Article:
Brian Quinn was supposed to be on a plane Thursday, flying out for a week of rehearsals with his Candlebox bandmates to prep for next week’s album-launch tour. Instead, the guitarist is at home in the Philadelphia suburbs, and like many touring musicians, grappling with what has abruptly become the new normal in the wake of the coronavirus pandemic. The tour has been postponed, and so has the album release.

“If the guitar’s not making noise, I don’t have food on the table, and that’s a scary thing,” Quinn, who is originally from Pittston, Pa., said Thursday.

Quinn has been with the Seattle-based Candlebox, known for grunge-era hits like “You” and “Far Behind,” since 2015. The band is his major source of income, but when the group is off the road, he works in the Philadelphia area, playing acoustic shows in bars, recording studio sessions and playing corporate gigs. Now, all of that is gone, and he’ll be filing for unemployment.

“I’ve been a full-time musician for 23 years now, where I’ve done nothing else besides music,” he said. “Even during a recession and swine flu, even then it always seemed like we were impervious to having to deal with unemployment and this and that because people were going out.”

Like many performers, from Neil Young to John Legend, Quinn is turning to technology to perform to an audience despite both performer and crowd being stuck at home. On Friday from 4:30 to 7:30 p.m., Quinn and his former Fosterchild bandmate Danny Beissel will stream a “Live from Headquarters” happy hour, during a slot when the duo could often be found playing at a real happy hour. The set will be streamed on Quinn’s Facebook page, and it will be a “pay what you will event” with a virtual tip jar.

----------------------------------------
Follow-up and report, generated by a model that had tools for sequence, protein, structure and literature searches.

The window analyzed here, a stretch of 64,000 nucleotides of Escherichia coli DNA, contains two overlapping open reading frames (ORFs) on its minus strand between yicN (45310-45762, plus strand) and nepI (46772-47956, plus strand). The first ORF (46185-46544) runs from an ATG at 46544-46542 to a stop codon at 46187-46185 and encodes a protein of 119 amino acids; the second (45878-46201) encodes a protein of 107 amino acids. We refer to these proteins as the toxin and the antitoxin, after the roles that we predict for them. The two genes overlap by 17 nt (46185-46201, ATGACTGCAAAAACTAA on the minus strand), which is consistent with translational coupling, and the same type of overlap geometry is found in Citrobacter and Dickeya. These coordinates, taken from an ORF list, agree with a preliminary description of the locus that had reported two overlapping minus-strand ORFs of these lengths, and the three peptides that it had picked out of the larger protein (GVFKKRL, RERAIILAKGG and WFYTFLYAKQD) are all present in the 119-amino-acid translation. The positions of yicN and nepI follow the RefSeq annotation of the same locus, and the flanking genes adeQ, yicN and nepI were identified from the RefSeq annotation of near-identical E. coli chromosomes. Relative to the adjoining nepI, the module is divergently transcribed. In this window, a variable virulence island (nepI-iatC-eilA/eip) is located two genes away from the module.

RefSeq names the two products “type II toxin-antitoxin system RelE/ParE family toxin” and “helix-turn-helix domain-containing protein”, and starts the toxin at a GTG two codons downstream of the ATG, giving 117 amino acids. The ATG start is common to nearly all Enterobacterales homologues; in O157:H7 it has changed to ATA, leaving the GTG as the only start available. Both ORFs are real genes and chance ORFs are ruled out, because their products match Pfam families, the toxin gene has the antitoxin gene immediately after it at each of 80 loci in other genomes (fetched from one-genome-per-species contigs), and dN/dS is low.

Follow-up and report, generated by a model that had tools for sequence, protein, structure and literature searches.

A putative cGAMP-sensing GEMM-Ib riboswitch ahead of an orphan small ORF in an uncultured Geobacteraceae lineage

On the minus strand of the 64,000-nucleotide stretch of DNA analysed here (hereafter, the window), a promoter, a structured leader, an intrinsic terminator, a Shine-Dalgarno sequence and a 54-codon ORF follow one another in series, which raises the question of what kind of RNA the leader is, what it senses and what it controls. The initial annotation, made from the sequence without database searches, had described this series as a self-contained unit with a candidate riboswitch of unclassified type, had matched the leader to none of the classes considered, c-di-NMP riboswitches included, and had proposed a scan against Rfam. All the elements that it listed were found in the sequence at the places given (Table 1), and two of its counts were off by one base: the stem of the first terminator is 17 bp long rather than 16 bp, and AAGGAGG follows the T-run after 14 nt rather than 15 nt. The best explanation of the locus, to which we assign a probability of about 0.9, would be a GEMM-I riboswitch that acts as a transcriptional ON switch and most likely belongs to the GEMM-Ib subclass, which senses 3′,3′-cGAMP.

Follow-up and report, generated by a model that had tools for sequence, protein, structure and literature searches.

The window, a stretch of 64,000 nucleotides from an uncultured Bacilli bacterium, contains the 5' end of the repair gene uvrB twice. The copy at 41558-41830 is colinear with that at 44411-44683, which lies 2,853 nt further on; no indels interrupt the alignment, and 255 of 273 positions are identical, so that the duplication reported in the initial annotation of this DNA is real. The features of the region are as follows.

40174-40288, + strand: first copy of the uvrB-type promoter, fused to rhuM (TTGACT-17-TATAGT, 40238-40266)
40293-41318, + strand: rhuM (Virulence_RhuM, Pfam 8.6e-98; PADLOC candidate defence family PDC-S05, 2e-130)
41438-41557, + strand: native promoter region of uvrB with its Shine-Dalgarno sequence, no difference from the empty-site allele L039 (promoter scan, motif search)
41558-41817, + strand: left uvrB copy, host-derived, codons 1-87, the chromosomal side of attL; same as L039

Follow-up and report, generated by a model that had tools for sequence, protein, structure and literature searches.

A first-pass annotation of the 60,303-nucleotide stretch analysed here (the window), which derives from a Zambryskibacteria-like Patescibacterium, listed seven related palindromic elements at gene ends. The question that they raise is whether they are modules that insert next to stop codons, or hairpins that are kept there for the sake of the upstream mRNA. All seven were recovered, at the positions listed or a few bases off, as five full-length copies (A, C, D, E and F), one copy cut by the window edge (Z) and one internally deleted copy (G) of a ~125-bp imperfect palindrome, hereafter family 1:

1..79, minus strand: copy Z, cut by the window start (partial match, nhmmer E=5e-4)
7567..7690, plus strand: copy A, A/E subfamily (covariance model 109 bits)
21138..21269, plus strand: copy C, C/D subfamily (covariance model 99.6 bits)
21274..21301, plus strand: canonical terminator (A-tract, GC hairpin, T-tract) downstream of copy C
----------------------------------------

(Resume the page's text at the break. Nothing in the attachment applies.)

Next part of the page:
“I know we’re not the only ones having a hard time with this,” Quinn said. “So if they want to donate, they can. It will certainly help us out. To go from the money I had coming in every month to zero is pretty big.”

Quinn, who has his own LLC, said he is a “subcontracted hired gun,” even with Candlebox, where he has been a constant member since 2005. So that means no shows, no money. Noting that 95 percent of a musician’s income comes from touring due to minimal record sales, what’s remaining is less than a penny per play from album and song streams.

He said he’s looking forward to returning to Candblebox “once this cloud kind of lifts.” Until then, he hopes people “support the arts.”

“Tune in to these livestreams,” he added. “If you can donate toward the virtual tip jar, that would be fantastic. I hope everyone is staying healthy and washing their hands and not fighting each other over toilet paper.”

Lead photo by Tony Traglia

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